We agree with this general principle. The public policies underlying the punitive damages statutes are to punish and deter wrongdoers. (Piscitelli v. Friedenberg (2001) 87 Cal.App.4th 953, 980, 105 Cal.Rptr.2d 88.) While these public policies are important and the need to prove the defendant's financial condition is essential to ensure an appropriate punitive damages amount (Adams v. Murakami, supra, 54 Cal.3d at p. 120, 284 Cal.Rptr. 318, 813 P.2d 1348), these policies are not necessarily greater than the significant public policy considerations underlying the need to maintain confidentiality of tax returns. Our Supreme Court has recognized the public's substantial interest in ensuring a taxpayer will make full and truthful declarations in his or her return without fear the statements will be revealed or used against the taxpayer for other purposes. (Webb v. Standard Oil Company, supra, 49 Cal.2d at p. 513, 319 P.2d 621.) Thus, the fact that a complaint contains a punitive damages allegation or a factfinder has found a basis for imposing punitive damages does not, standing alone, constitute a basis for compelling the disclosure of tax return information.
However, this case does not present a simple balance between the public policies underlying the tax return privilege and the public policies supporting an appropriate punitive damages award. Instead, this case involves a trial court's discretionary authority to order the production of tax returns when a defendant who has been found to have acted with malice and fraud, has sole control of his or her financial record and is refusing to produce relevant nonprivileged documents.
In response to the trial court's pretrial order requiring Weingarten to identify relevant witnesses and documents pertaining to her financial condition, Weingarten produced only an unverified and incomplete financial statement. After the court found Weingarten liable for punitive damages, the court provided Weingarten a second chance to properly comply with plaintiffs' financial discovery by treating plaintiffs' proposed order as a document request. Had Weingarten complied in good faith and produced the type of conventional financial documents requested by plaintiffs, such as bank, investment, and real estate records, the compelled production of tax returns would not have been warranted. However, instead of producing these standard documents, Weingarten continued to refuse to produce any credible financial information and instead claimed she had already disclosed all information relevant to her current financial condition, relying on her admittedly outdated financial statement. By so acting, Weingarten intentionally interfered with plaintiffs' ability to obtain relevant information through legitimate means, and then sought to hide behind the tax return privilege to ensure no relevant information would be revealed to plaintiffs.
Weingarten's refusal to produce relevant financial information was not an isolated incident. The independent calendar trial judge, who was intimately familiar with the case and Weingarten's conduct during discovery, was aware that Weingarten had engaged in the same type of evasive and bad faith activities regarding her financial matters in the underlying case, and had repeated this conduct throughout the litigation by refusing to respond appropriately to discovery requests. For example, Weingarten refused plaintiffs' requests to inspect the corporate books and records, withheld significant information regarding sales in the residential development, asserted unsupported privilege claims in response to a document request, attempted to evade and improperly limit her deposition, and refused to comply with a court-ordered accounting until plaintiffs filed a sanctions motion. Absent a valid objection, parties in a civil lawsuit are expected to comply with discovery requests and court orders compelling compliance. The trial court was aware that Weingarten repeatedly disregarded these fundamental principles, and acted as if she were exempt from discovery rules.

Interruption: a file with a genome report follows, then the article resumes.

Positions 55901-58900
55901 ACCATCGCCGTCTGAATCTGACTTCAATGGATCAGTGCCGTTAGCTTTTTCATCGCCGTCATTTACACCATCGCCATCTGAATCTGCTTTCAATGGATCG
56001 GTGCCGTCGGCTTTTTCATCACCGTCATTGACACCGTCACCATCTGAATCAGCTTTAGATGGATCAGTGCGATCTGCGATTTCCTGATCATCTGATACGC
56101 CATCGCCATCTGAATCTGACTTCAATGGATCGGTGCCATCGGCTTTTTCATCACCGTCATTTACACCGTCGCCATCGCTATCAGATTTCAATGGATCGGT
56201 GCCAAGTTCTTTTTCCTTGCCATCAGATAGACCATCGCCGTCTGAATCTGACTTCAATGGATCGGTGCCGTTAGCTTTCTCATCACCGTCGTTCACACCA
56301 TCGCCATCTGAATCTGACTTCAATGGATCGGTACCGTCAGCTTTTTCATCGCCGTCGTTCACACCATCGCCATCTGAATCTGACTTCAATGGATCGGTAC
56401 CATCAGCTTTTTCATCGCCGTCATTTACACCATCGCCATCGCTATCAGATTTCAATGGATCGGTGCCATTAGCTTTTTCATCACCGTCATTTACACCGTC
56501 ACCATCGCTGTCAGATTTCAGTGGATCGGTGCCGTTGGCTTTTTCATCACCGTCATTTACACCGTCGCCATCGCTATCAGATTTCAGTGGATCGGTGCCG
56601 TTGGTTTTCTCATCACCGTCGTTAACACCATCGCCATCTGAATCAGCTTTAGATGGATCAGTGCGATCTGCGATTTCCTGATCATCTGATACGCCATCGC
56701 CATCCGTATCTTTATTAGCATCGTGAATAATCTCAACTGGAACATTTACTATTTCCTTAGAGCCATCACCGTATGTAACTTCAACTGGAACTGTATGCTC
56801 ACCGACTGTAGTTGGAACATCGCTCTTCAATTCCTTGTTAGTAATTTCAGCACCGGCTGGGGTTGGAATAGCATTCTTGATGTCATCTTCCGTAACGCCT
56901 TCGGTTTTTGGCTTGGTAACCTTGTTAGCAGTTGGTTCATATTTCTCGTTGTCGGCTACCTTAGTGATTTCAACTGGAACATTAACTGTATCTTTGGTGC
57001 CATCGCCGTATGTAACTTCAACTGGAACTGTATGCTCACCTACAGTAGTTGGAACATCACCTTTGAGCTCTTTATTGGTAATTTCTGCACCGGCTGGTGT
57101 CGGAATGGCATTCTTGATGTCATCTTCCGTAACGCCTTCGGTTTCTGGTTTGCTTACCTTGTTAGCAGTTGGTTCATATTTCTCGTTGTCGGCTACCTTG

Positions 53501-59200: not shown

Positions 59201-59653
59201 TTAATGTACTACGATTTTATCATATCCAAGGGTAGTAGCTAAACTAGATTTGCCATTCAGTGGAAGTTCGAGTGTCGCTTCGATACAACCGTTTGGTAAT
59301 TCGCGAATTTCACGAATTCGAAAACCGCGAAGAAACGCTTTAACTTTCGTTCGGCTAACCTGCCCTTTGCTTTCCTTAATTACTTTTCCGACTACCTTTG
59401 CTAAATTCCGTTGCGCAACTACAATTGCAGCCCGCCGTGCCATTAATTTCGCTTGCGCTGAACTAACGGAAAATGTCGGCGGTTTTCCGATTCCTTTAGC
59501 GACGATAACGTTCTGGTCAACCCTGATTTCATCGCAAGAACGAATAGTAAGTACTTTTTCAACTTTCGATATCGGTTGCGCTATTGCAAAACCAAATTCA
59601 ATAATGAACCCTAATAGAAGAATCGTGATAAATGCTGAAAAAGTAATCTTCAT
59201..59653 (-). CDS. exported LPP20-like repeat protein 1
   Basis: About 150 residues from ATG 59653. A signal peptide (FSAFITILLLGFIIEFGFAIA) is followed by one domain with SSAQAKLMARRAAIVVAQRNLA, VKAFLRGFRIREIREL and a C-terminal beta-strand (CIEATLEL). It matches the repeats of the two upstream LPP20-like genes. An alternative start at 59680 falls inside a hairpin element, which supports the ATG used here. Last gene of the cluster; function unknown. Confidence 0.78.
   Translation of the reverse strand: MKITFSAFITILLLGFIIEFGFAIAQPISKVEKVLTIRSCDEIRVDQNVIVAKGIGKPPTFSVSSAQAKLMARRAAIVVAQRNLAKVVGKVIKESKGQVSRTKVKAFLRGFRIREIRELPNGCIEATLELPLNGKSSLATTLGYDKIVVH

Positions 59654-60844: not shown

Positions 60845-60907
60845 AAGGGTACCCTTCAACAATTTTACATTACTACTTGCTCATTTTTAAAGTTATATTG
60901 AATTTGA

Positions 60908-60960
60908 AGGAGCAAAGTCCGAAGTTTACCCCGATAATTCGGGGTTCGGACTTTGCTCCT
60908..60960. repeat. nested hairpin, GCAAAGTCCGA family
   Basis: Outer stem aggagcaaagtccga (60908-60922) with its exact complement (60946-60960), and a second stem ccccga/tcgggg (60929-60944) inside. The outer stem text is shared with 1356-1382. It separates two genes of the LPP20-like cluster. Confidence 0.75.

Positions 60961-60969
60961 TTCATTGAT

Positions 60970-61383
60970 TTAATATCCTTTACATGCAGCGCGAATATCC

Although the public policy favoring the confidentiality of tax returns does not give way merely because the information is relevant to prove punitive damages, the balance changes when the defendant, without a valid basis, refuses to comply with legitimate discovery requests that seek nonprivileged financial information. Weingarten's conduct not only interfered with plaintiffs' ability to prove their case, but it also undermined the discovery process and the judicial system's ability to ensure an ordered process designed to uncover the truth. These policies, when considered together with the importance of obtaining financial condition evidence to establish a proper punitive damages amount, outweighed Weingarten's right to claim the tax return privilege as a basis to refuse to produce highly relevant evidence of her financial condition.
Our conclusion that the court acted within its discretion in ordering the disclosure is bolstered by two additional facts. First, the court's order was strictly limited as to time. Although plaintiffs sought tax returns for the prior five years, the court recognized that only Weingarten's current financial condition was at issue and therefore limited the disclosure to the prior two years. Second, the court issued a strict protective order limiting disclosure of the tax returns to only the attorneys and experts in this case. By so doing, the court ensured the intrusion into Weingarten's privacy would be no more than necessary to obtain the highly relevant information.